Eastwood’s biopic is intricate, and Hanks is superb.
Back in 2009, a passenger airplane landed in the Hudson River; all 155 on board survived. It was a miracle. The pilot of that flight was Chesley Sullenberger, and Clint Eastwood’s latest biopic tells the story of that day, and the storm that followed – the storm being the interrogation of Sully (Tom Hanks) by the National Transportation Safety Board.
Sully and his co-pilot (played by a once again excellent Eckhart) were forced to land the plane in the river after they flew into a flock of birds, destroying both engines. They could have tried to glide back to the airport, at the risk of crashing into Manhattan (a frightening scenario we see played out in Sully’s head) or attempt a forced water landing, a notoriously improbable task.
The whole event was over fairly quickly, so Eastwood pads the film out with interrogations and discussions with the big nasty board going against the pilot. The recreations of the forced water landing (not crash) are shuddering. Handled with an expert hand, Eastwood’s creation is thrilling at the best of times.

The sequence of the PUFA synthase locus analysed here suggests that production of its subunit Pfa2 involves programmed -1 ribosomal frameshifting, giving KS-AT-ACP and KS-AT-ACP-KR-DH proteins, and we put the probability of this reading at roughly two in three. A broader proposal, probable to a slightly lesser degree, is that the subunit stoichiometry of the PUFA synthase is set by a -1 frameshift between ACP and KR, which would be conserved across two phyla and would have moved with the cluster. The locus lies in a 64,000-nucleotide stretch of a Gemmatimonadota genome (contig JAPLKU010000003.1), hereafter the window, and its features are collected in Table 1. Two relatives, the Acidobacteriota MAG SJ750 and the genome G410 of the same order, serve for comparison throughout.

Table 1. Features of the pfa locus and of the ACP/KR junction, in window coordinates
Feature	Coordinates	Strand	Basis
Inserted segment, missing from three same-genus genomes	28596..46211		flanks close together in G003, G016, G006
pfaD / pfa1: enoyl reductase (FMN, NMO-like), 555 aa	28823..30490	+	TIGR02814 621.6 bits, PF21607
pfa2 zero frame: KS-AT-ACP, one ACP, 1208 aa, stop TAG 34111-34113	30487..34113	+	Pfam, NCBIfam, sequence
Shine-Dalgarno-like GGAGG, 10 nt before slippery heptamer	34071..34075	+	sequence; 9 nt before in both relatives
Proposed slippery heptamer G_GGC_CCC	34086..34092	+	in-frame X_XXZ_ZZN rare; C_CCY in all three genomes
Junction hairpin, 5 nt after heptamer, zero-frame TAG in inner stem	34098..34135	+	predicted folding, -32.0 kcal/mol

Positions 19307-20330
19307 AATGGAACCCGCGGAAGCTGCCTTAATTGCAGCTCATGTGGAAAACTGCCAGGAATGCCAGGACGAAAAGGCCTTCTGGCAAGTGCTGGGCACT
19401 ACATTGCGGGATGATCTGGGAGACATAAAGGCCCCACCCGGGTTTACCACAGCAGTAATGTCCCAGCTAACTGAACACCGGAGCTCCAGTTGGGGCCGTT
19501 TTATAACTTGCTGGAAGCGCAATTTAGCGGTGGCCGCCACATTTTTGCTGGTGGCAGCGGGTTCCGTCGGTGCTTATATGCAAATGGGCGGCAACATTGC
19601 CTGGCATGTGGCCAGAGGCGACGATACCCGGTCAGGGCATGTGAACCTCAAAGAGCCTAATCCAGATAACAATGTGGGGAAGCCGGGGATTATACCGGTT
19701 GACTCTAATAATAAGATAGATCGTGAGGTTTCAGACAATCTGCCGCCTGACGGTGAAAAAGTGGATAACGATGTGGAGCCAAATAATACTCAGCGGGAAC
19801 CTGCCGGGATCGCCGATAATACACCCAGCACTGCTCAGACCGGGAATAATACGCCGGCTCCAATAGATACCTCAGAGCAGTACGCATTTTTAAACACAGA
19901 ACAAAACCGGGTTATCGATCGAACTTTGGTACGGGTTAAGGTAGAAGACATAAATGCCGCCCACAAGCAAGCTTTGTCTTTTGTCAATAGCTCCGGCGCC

Outside the event, one could argue Sully is a character study of the man himself. Tom Hanks’ performance is oozing with Oscar potential; level-headed, distinct and delicate. He’s the perfect man for the job, bringing a respectful take on a overwhelmingly modest hero, tackling his inner doubts as tension rises.
Many of us may not have been aware of the hassle Sully faced following the miracle on the Hudson, so it is difficult for us to have an intense view on it. However, in the film it seems to be deliberately routed against the board, which includes Spotlight’s Jamey Sherridan and Breaking Bad’s Anna Gunn (f*** you Skyler). The discussions we see are grounded however, not really played for huge dramatic effect, instead going for a more somber feel. Nevertheless, you can’t help but hate the board for seemingly refusing to appreciate Sully’s feat; a very clear intention of Eastwood.
To sum it up…
Lead by a captivating, everyday Hanks, and featuring some of the finest air sequences you’ll see, Eastwood’s Sully is a truly fantastic tale of heroism. Surprisingly short, yet succinct, it isn’t perfect but still essential.
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Author: Cameron Frew